Review of anOnlyChild Fall 2022 Fashion Presentation
Hats On. Clothes Off. The Body Beautiful
By Constance C. R. White
The ‘Nude’ exhibit at the Fotografiska Museum in New York, is a shock to the system. It’s provocative and mesmerizing.
Because while we see each others’ faces and hands all the time, we don’t as a rule, see each others’ private parts.
During New York Fashion Week, I got the chance to tour the museum, with its exhibition halls, cafe, books and gift shop.
In exhibit rooms were photographs of human forms stripped bare. But in my head, all I could think of were clothes.
Covering our nudity is what designers do for a living. We are less vulnerable physically and emotionally when garbed.
As part of a unique presentation on Broadway dowtown, similar themes were expounded upon by fashion designer Maxwell Osborne, who chose nudity to introduce his hat collection for his new label, anOnlyChild.
The hats are a collaboration with millner Gigi Burris. Made from wool felt, they come in olive, deep red or yellow in two styles, baseball cap and a bucket hat, some with a braided cord around the crown.
At the well-attended presentation, three live models – two women and one man – in full frontal nudity, created vignettes of shared affection. And sometimes they appeared to just be in repose.
Similar nude images, shot by photographer Bon Duke, who also photographed the clothing collection, lined the walls.
The photos would have been at home at Fotografiska but for Duke’s gender.
‘Nude’ comprises more than 200 photographs and films by 30 female-identifying artists from around the globe.
It wants to flip historic art and fashion on its head by looking at the body from a female’s perspective, that is, the female gaze.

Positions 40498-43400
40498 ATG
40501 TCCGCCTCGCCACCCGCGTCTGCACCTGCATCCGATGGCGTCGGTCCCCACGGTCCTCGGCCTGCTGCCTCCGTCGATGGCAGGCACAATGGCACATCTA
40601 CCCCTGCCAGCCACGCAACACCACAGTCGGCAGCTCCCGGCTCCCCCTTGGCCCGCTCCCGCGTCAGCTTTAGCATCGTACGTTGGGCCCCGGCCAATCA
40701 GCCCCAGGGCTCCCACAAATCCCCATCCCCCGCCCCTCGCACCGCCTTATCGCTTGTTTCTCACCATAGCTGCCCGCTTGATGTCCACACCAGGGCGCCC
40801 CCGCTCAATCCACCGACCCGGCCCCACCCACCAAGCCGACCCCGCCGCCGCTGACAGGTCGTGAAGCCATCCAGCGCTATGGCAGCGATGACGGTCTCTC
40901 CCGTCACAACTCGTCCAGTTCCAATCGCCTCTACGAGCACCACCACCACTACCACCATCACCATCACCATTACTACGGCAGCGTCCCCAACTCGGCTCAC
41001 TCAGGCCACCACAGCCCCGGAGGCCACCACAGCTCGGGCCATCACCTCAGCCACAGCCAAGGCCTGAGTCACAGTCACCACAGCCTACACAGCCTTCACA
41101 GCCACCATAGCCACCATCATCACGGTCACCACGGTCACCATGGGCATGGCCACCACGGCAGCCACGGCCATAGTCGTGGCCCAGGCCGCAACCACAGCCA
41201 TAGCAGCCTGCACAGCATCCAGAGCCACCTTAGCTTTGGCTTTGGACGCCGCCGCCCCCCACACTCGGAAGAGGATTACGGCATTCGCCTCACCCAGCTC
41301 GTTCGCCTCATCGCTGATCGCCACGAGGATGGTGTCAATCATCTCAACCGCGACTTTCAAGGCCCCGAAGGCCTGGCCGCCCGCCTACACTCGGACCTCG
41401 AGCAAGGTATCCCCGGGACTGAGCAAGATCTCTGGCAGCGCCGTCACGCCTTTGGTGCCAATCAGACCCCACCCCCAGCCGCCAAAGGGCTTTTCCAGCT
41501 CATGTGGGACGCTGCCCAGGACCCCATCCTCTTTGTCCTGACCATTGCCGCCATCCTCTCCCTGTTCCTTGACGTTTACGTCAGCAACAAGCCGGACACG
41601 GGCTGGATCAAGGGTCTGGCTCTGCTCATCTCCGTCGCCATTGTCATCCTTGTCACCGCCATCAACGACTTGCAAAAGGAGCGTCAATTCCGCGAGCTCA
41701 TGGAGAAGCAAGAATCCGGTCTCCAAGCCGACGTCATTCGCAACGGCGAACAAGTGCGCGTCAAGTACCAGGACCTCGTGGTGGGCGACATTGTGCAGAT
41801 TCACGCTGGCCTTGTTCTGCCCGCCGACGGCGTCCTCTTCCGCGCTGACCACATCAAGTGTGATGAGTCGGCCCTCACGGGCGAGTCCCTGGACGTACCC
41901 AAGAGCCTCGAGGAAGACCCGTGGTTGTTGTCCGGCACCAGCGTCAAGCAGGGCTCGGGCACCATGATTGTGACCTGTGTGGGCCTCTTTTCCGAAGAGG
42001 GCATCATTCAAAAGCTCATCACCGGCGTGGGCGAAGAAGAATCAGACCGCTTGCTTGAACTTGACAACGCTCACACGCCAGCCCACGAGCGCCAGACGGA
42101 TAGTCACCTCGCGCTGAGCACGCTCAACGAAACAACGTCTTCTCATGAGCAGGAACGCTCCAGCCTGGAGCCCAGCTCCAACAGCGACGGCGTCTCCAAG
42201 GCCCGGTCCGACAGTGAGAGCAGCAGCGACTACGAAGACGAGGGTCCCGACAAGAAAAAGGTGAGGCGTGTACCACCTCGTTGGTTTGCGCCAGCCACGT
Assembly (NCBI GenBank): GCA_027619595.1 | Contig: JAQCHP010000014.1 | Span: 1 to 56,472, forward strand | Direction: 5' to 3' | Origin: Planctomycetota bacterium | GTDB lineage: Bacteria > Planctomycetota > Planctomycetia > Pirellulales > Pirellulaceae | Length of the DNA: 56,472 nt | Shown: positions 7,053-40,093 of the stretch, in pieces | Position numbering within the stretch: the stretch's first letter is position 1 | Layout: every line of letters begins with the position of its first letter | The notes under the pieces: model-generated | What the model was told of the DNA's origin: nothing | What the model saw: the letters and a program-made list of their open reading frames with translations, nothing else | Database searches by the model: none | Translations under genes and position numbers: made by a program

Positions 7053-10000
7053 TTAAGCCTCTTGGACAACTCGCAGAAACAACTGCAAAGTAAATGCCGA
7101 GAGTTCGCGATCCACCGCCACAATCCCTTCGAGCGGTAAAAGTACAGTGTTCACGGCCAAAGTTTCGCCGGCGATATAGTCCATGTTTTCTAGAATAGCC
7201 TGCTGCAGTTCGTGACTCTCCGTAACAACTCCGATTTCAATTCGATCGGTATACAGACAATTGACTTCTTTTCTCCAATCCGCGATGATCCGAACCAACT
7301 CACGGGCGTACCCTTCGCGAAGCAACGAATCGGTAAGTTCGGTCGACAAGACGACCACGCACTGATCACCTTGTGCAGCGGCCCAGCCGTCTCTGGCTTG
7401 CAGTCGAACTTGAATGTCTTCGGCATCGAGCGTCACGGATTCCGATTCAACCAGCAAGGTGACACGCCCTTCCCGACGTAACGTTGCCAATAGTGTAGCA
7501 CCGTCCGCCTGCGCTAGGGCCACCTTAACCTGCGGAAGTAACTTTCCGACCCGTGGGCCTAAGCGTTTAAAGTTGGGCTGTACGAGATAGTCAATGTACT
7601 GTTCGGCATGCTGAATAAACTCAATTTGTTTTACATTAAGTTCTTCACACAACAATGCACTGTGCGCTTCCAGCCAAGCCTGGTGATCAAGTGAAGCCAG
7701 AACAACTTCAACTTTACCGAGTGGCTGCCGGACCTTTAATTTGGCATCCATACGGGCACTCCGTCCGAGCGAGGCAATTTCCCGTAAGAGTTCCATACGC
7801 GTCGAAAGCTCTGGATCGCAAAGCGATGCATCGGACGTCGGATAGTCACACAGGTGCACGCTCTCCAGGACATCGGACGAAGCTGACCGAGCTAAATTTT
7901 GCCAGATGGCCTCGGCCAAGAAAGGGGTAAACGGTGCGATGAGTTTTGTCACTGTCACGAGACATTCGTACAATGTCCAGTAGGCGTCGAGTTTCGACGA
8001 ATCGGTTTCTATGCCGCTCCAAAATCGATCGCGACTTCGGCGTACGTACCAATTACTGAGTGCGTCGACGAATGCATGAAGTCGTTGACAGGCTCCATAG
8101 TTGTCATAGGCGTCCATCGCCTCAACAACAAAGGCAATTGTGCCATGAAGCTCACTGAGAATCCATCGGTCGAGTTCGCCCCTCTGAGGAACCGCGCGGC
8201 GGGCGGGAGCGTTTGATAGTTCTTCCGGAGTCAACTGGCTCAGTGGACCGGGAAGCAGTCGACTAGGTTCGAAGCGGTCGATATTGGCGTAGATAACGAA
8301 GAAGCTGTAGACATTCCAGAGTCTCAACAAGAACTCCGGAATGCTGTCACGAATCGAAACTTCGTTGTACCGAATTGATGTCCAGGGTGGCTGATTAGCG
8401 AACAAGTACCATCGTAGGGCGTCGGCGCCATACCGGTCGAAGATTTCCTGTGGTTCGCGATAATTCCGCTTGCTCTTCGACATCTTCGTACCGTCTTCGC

Viewing the nude body while thousands of garments designed to cover them up are center stage, lends focus to the role of designers.
Osborne’s cheeky concept, yes there were plenty of cheeks on display, was an adventurous path to lead us to the hats and the new label.
It takes balls to market a clothing brand by not showing any.
Osborne, who was part of the duo behind the influential label Public School, started his collection of mens’, womens’ and genderless clothes, last fall using deadstock.
Society raises us to see human bodies as titillating, not just as the simple marvels we are.
The work of designers like Osborne is to layer or project a story on top of the body, whether the wearer wants this or not.
Each picture presented in the exhibit made me wonder how this person, this body, looks in clothes.
What would the bodies at the hat presentation, held in a storefront in downtown New York, project if they were dressed in the shirts and shorts of anOnlyChild?
From time immemorial, designers have covered and uncovered the body in sexually provocative ways.
This is acceptable and well within social norms.
With their unconventional presentation, the three collaborators achieved quite a feat; flouting the sex police and the fashion police simultaneously.
WHERE FASHION GETS CREATIVE
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